A lighter rider could get by on setting 2 but at 180 pounds I think you should avoid setting 1. I've read that 2 riders with gear should go with at least setting number 4 or 5. The heavier the rider the HIGHER the number should be to avoid bottoming out. I like a nice ride so I went with number 3. But, the bike handles better at setting 4 or 5. If I avoid the bad roads then setting 4 will work quite nicely for me.

At 180 pounds I would think setting 3 or 4 should tighten up the handling for you quite a bit. If you like to race that 400 around the twisties go with setting 6. But, for comfort I prefer the lowest setting I can get away with which is 3 for me and likely 2 for you.

Extra Pre-Load makes the 400 handle better but the price for it is way more discomfort over small bumps. Bottom line is dial in as much preload as your arse and back can handle.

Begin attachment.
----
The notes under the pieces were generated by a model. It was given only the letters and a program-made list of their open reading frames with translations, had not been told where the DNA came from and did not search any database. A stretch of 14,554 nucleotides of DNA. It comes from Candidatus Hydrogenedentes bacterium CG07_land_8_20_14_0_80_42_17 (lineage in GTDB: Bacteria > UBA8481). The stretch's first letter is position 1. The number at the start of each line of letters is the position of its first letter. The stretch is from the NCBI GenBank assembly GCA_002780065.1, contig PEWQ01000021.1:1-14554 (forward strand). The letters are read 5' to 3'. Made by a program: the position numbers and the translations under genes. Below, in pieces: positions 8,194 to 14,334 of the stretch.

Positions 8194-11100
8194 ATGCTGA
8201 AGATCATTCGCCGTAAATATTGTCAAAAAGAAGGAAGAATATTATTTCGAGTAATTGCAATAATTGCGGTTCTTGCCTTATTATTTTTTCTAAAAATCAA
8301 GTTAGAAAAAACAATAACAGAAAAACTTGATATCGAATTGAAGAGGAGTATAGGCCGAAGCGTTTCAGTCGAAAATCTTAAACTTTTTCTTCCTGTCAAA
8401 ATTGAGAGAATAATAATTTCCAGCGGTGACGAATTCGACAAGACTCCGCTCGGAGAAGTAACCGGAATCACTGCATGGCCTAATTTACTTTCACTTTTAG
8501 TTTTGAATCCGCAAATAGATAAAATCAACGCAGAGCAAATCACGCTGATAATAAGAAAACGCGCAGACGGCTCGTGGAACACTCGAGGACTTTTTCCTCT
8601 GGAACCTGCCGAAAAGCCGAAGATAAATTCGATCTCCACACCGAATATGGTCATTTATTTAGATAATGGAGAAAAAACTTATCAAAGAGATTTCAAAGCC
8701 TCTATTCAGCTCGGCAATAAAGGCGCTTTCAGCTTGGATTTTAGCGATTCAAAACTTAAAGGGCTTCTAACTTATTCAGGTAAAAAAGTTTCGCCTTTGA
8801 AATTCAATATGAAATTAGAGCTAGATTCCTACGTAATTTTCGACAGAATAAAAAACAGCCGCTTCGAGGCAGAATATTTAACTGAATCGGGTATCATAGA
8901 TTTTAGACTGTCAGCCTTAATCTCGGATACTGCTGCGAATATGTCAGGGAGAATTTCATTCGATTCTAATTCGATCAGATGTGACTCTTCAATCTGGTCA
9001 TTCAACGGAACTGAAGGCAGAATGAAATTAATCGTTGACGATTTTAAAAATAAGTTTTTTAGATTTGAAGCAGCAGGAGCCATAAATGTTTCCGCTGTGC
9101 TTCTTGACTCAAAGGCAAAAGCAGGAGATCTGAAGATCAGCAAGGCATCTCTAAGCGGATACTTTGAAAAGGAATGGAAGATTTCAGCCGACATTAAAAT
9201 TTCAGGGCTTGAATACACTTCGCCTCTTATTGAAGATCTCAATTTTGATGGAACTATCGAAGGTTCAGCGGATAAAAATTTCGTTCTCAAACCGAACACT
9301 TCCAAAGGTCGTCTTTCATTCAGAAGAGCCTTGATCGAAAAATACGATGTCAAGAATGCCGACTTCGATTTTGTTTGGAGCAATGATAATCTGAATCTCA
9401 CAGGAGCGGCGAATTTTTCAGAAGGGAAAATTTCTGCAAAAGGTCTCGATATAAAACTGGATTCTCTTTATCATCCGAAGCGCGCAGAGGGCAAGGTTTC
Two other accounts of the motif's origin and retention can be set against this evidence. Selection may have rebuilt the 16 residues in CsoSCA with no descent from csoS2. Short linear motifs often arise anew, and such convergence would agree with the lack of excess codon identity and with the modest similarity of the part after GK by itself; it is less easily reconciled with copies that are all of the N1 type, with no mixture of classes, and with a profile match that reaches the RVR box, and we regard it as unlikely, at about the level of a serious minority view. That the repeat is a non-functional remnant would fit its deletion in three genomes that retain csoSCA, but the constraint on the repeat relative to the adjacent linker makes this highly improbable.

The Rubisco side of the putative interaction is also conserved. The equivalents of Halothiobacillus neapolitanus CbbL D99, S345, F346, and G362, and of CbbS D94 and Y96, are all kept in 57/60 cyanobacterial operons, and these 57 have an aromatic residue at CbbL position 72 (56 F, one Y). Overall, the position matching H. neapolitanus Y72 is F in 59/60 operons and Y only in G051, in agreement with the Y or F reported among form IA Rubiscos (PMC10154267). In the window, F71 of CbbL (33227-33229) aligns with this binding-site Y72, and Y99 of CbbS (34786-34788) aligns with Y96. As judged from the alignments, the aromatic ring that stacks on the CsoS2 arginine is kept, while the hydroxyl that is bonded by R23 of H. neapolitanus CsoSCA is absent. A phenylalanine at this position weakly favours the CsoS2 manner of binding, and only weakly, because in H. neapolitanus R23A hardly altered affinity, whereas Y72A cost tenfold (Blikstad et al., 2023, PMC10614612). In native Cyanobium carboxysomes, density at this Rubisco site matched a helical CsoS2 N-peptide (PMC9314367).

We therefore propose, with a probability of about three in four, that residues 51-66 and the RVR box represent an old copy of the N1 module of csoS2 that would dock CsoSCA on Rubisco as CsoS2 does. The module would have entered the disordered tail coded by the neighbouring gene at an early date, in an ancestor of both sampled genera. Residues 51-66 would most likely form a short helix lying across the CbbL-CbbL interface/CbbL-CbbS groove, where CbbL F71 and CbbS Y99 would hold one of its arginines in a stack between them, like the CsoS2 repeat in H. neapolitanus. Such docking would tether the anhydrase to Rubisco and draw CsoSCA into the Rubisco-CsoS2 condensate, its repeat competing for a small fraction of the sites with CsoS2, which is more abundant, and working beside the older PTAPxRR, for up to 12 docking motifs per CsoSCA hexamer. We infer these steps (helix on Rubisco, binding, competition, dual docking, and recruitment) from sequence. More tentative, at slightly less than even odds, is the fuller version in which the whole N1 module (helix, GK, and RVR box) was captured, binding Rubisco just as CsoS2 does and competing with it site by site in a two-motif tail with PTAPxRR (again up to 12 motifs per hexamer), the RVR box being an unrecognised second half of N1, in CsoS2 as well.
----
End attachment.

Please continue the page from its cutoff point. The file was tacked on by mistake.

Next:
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Discussion Starter #10 (Edited)
Settings 1 and 2- Works best for light rides (under 150 pounds) without gear. You sacrifice handling for comfort over small bumps

Settings 3 and 4- A great compromise setting for most of us riding on less than stellar roads. Heavier riders, those riding 2 up or loaded with gear should stick with no less than 3 or 4.

Settings 5- Much better handling around curves and highway speed (over 75 mph). If you can avoid those bad roads go with setting 5.

Setting 6+ This is for those who want MAXIMUM handling on the 400 around mountain roads or ride at 85 mph plus. The stiffest ride with sport bike suspension setting.
This setting will make your spine feel every bump on the road.


This is strictly my opinion but many other posters over the years seem to have the same opinion. There is no "right" setting but there is a wrong setting if you bottom out easily like I did on setting 2.